While AS is captive in his high chair during meals, I read to him from the more delicate picture books whose thinner pages don't withstand the rough-handling of a one-year old. Jon J. Muth's zen influenced stories Zen Shorts and Zen Ties are among the most beautifully illustrated we have discovered at the library. His watercolors are reminiscent of Japanese Sumi-e brushwork but more contemporary and whimsical. The Three Questions is another reflective story by the same author and, to my husband's satisfaction, was inspired by Russian writer Leo Tolstoy's profound short story of the same name. Each story features a panda as a pivotal character. Of course, pandas are near and dear to the hearts of adolescent Washingtonians as they are first introduced to these impressive animals at our National Zoo.

Curious to know what school-age children are reading or looking for recommendations for your child? Download an informative report by Renaissance Learning, and skim down to page 4 for a list of titles by grade and age.

If you are budget-conscious and can resist the urge to shop, Barnes and Noble bookstores host morning story times at various locations throughout the week. Browse the B&N website under "Stores and Events" for dates, times and programs. Each week they select books based on a different theme, often appropriate to the season or special holidays throughout the year. We find it is also a comfortable indoor play place on especially hot or cold days. There are usually small benches or chairs for children to curl up on with a book. If your child is in the mood to play instead, toys are provided (our local B&N has a much loved and abused train table). The staff also seem tolerant of children playing with the merchandise (such as the menagerie of stuffed animals for sale) and using the story time stage to enact their own imaginative narratives.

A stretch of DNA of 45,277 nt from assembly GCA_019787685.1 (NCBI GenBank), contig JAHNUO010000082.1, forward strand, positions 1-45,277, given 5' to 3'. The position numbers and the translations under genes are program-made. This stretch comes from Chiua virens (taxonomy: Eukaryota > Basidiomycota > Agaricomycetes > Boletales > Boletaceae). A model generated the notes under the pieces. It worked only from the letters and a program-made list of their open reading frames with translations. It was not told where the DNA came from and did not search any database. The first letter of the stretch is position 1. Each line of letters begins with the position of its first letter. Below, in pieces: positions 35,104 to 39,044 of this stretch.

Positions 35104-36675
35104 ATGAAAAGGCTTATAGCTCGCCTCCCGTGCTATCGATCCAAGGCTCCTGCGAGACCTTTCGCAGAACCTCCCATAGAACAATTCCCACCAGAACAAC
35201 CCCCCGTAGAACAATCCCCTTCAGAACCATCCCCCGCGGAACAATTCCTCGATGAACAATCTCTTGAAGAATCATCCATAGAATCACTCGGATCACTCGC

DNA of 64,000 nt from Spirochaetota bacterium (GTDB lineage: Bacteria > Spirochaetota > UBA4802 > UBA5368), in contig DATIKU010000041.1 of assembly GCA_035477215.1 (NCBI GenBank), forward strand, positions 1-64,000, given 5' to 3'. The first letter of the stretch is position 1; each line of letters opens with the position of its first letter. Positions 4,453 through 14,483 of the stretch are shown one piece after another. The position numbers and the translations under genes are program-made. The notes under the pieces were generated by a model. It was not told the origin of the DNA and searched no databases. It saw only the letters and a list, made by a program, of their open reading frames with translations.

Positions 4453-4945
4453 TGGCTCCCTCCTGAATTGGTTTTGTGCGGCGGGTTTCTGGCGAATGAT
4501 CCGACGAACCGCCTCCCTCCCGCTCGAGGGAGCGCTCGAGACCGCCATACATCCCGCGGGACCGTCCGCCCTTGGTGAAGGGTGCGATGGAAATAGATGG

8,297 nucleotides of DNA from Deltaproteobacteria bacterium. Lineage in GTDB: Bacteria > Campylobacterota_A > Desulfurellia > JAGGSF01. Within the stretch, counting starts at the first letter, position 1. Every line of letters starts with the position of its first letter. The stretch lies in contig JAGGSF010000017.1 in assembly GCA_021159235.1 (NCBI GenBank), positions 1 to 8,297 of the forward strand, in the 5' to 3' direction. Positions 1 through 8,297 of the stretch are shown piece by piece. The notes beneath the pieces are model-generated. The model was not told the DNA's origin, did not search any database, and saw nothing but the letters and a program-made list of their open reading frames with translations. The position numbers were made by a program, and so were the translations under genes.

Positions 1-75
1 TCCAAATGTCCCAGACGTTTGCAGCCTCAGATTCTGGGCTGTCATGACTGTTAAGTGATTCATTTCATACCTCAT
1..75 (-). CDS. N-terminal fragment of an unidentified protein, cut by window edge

Which library, story time, or book satisfies your child's need to read? Please recommend one, or more!

1 comment:

  1. I received some welcome feedback from Ignacio AlbarracĂ­n, a librarian at the Mount Pleasant Neighborhood Library, providing a few clarifications which I have included below. Thanks, Ignacio!
    The Library limits patrons to 50 books, 10 DVDs/CDs, 5 audiobooks.
    Generally you can ask for a printout of borrowed materials at the check-out desk unless the printer is out of order.
    Not all branches offer all of the services I mentioned right now. Programming schedules change every season. Check with your individual branch or the Library’s calendar first (
    Ignacio also says, "I believe the renovation is expected to last 12-18 months. I would also emphasize that this information may change. We have experienced some delays in starting this project. It would be wise to follow up with us again in late January. But for now, the plan is to close in mid to late February 2010 and to open the interim location in March 2010. I believe the planned location for the interim library is 3124 Mount Pleasant St NW. However, please follow up with us again in January and February. Things may change."